I have also used the 3/8s thread mounts which are common to the HF whips and CB whips. At hamfests you can find the Hustler 5/8ths antennas (Buckbuster) fairly cheaply and Hustler use to make a family of collinear antennas that provided 7db of gain but it is a BIG antenna and it only works on 2 meters. I have one for 2 meters and one for 220MHz and they work well.
Comet and Diamond make dual band and other antennas that work well but any multi-band antenna will be a compromise.
73 Rick N4ASX
September 14 – Virginia Beach Hamfest, sponsored by Tidewater Radio Conventions. This is a great excuse to go to the beach for the weekend while the weather is still warm and most of the beachgoers have left for the summer. The hamfest is located at the Virginia Beach Convention Center, right off I-264 in VA Beach.
October 6 – Maryland State Convention, sponsored by the Columbia Amateur Radio Association. The hamfest is located at the Howard County Fairgrounds, right off I-70, near the intersection of Route 32 and Route 144. This hamfest is known for spotting some really hard to find items.
Our next class is scheduled to start October 1. We are starting to get some interest in the class with some email traffic asking general questions and occasionally something specific about the class. There is still plenty of room. If you know someone who is not licensed, or you are not licensed, and would like to be, send me an email at email@example.com. As always, we don’t make our students find an exam on their own. The last class on December 10 will be the exam. If you are a Tech, time to upgrade to General or Extra.
September 14 & 15 – Arkansas QSO Party. Exchange is RST and state.
September 14 – Ohio State Parks on the Air. Not really a contest. Exchange is your state and park if you are operating from one.
September 14 through 16 – ARRL VHF Contest. 50 MHz and above. Exchange is your grid square. Most of us in the Alexandria Radio Club are in FM18.
September 15 – North American Sprint, Phone. Exchange is both calls, a serial number, name and state.
September 21 – South Carolina QSO Party. Exchange is RST and state.
September 21 – Washington State Salmon Run. Exchange is RST and state.
September 28 – Texas QSO Party. Exchange is RST and state.
September 29 – Maine QSO Party. Exchange is RST.
73, Rich, KA4GFY
After one of our nets, I talked with a station that asked how ARES and in a larger context, how amateur radio interfaces with FEMA or Government offices.
SO, Lets start with the LOCAL operation. ARES is an organization set up by the ARRL. ARES supports Governments, Served Agencies and the Public when asked. The ARES structure starts with the Section Emergency Coordinator (SEC) who is appointed by the Section Manager. Neff, Ellsworth K4LXG is the current SEC. Working for him are District Emergency Coordinators (DECs). For Northern Virginia the DEC is Howard Cunningham WD5DBC, Howard’s district includes: Arlington, Alexandria, Fairfax County, Loudoun, Prince William and Fauquier Counties. Each of these locations has an Emergency Coordinator. In Alexandria the EC is Rick Bunn, N4ASX.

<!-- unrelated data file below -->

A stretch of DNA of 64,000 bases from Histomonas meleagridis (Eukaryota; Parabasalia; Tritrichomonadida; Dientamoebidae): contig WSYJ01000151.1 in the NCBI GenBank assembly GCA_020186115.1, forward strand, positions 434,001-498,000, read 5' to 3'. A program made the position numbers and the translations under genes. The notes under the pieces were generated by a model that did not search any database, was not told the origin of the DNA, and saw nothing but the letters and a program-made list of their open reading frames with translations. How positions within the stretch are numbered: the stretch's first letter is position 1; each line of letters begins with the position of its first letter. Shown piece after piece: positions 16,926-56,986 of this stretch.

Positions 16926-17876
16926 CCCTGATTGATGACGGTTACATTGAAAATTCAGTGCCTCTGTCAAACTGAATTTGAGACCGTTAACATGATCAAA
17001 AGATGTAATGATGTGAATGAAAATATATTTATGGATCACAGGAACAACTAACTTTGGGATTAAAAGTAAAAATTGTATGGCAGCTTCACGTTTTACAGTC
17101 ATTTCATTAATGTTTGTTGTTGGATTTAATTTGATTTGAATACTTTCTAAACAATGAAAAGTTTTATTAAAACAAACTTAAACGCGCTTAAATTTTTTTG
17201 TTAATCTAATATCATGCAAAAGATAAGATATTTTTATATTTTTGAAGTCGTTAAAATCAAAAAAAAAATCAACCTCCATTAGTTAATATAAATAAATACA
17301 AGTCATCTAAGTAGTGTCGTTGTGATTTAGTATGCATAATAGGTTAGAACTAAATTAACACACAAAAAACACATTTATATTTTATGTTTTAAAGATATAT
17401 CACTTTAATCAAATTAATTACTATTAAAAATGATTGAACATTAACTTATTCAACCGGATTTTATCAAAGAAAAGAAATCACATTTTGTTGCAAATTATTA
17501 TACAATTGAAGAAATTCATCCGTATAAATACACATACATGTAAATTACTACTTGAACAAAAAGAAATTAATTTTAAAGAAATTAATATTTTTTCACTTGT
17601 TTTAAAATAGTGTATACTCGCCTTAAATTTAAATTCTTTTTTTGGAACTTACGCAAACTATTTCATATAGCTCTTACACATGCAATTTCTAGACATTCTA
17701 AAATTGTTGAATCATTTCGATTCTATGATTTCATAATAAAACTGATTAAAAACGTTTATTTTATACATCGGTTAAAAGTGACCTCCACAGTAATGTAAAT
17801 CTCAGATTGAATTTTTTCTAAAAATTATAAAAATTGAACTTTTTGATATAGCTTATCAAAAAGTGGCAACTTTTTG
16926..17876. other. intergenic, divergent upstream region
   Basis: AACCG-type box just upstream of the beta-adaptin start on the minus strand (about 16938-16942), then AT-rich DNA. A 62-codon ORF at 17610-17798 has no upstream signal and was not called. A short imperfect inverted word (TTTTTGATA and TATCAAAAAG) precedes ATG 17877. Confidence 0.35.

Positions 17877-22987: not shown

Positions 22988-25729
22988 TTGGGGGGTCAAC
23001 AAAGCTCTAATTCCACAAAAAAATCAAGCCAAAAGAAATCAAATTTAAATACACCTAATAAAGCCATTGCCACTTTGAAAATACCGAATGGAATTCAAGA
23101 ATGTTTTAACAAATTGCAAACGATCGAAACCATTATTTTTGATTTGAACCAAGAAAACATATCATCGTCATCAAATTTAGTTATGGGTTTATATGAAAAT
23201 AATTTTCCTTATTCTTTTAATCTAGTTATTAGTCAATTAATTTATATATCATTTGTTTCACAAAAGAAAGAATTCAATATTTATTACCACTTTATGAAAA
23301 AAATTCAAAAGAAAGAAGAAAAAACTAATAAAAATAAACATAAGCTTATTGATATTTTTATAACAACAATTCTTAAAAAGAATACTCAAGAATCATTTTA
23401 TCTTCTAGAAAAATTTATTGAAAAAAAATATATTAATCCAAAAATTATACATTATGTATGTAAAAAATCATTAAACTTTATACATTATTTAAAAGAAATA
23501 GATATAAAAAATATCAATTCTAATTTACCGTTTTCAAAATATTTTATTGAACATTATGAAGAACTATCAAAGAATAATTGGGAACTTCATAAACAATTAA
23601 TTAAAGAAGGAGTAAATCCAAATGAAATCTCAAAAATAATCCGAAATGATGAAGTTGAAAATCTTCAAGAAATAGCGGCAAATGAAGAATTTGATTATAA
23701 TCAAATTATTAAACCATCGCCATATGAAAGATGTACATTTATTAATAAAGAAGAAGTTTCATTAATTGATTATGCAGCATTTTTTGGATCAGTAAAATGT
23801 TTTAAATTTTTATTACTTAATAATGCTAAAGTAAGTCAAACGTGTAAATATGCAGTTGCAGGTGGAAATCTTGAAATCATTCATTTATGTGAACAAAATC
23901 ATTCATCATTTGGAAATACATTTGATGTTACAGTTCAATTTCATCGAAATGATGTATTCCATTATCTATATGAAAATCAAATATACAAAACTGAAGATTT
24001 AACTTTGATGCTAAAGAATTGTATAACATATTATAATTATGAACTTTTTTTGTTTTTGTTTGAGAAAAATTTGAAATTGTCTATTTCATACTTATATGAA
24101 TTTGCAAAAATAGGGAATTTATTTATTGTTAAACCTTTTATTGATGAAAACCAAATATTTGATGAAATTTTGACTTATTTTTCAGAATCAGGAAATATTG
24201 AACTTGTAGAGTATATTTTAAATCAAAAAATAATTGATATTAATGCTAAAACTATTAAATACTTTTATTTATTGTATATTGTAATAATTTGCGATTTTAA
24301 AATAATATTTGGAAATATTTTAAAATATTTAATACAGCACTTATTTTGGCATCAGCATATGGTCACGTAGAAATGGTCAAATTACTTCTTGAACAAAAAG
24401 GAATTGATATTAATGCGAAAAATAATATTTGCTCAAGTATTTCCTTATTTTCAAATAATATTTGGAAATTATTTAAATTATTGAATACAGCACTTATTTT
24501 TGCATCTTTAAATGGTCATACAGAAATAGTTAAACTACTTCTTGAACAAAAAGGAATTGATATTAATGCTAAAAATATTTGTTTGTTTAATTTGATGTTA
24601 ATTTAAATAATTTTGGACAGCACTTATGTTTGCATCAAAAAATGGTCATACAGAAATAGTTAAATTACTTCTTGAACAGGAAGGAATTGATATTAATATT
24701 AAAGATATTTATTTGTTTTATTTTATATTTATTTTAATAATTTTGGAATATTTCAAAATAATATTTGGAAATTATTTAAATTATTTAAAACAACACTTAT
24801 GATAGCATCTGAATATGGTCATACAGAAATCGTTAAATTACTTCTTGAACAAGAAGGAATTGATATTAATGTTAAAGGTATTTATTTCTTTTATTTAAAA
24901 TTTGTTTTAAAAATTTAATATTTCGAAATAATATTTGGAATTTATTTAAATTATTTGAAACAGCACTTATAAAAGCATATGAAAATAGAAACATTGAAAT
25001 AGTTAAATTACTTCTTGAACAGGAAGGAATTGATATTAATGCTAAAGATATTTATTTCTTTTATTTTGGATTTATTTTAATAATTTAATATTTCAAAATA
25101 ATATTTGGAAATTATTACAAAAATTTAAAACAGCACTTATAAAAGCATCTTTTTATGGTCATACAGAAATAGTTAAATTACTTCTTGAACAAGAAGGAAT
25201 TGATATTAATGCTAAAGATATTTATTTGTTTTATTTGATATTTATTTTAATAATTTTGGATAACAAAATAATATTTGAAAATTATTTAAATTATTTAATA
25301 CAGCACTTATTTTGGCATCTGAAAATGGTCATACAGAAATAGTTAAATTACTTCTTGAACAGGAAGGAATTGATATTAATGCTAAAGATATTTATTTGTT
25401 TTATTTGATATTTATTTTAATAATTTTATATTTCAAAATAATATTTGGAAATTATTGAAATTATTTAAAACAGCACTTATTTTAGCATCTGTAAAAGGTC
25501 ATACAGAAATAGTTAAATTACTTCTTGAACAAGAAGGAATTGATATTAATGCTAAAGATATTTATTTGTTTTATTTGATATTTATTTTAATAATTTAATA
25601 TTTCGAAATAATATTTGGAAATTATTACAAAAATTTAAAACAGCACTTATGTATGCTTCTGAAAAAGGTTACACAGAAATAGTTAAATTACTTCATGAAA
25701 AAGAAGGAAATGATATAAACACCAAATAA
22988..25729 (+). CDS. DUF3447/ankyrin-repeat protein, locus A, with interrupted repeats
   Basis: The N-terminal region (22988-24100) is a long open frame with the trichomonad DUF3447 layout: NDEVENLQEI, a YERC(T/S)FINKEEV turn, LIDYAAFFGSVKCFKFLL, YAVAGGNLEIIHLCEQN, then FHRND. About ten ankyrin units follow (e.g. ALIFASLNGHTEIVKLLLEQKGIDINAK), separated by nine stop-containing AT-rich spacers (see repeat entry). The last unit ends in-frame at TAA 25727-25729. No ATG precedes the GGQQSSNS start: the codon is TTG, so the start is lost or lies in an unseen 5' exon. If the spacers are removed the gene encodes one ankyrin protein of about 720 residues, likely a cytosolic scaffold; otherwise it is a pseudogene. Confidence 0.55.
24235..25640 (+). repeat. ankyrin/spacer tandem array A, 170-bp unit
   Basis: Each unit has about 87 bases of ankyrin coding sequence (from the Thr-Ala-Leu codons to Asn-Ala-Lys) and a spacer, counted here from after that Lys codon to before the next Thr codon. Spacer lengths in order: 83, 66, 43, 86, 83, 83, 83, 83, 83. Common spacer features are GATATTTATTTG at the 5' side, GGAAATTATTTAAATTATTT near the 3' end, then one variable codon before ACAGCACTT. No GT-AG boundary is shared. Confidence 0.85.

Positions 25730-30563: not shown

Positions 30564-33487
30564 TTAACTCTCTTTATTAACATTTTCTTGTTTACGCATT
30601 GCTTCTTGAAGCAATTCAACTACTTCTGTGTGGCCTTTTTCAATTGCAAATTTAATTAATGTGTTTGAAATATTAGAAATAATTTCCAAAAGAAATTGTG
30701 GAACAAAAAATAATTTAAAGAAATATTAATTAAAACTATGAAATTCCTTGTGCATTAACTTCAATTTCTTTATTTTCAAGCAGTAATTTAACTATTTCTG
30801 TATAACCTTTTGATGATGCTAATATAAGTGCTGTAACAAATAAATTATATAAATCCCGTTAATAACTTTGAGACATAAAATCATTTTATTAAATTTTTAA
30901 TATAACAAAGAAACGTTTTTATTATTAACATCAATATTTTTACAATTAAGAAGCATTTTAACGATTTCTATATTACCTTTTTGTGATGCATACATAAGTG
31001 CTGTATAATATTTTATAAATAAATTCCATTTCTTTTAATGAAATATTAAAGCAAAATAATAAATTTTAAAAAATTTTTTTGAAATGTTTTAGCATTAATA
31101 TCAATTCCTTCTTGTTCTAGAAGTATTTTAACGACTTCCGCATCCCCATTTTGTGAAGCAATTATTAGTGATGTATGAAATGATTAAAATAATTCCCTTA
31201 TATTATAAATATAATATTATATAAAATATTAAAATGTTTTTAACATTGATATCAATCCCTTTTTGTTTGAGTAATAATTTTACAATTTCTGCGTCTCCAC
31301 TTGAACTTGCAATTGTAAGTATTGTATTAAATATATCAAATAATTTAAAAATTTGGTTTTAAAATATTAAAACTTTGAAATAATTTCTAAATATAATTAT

Each EC is responsible for establishing liaison with served agencies. Alexandria ARES works closely with the City’s EMS office as our SINGLE point of contact. This is part of the City’s Emergency Management Plan. While we are willing to work with any other agency in the city, we want to have a SINGLE point to report to. This, in an emergency means that we are called up under the city’s plan and not by 6 different people all expecting our support. This does not mean we would NOT support other agencies, but we would coordinate with City EMS. Should a disaster or emergency affect a larger area or if a location other then Alexandria has an emergency, drill or public service event we may be asked by the EC in that area to support or via the DEC. The DEC may decide to coordinate a larger response.
The Commonwealth of Virginia has a State Emergency Operations Center and they work with the SEC who may engage DECs and ECs as needed.
Federal involvement is a little less solid, but in a major event, FEMA may take over operational control of a disaster recovery effort and at that point we would establish a liaison with the FEMA on site personnel.
In a day of high speed data, digital communications, what could we do with our radios? Well think of our systems as more or less free of major infrastructure requirements. Even if our repeaters go down we should all understand simplex operations, net set up and procedures and how we can implement HF for beyond line of sight communications.
Most of us have mobile and portable capability. Many of us have portable HF capability. Your knowledge of how each band operates gives you the ability to work with those capabilities to provide a needed near term capabilities. One example has been when we worked the races along the Occoquan reservoir and
Monday Night Half Price Burgers – There is a group that gets together at Shooter McGee’s (Duke and Paxton Streets) on Monday evenings at 6:15 PM. A good burger and soft drink runs about $9.00.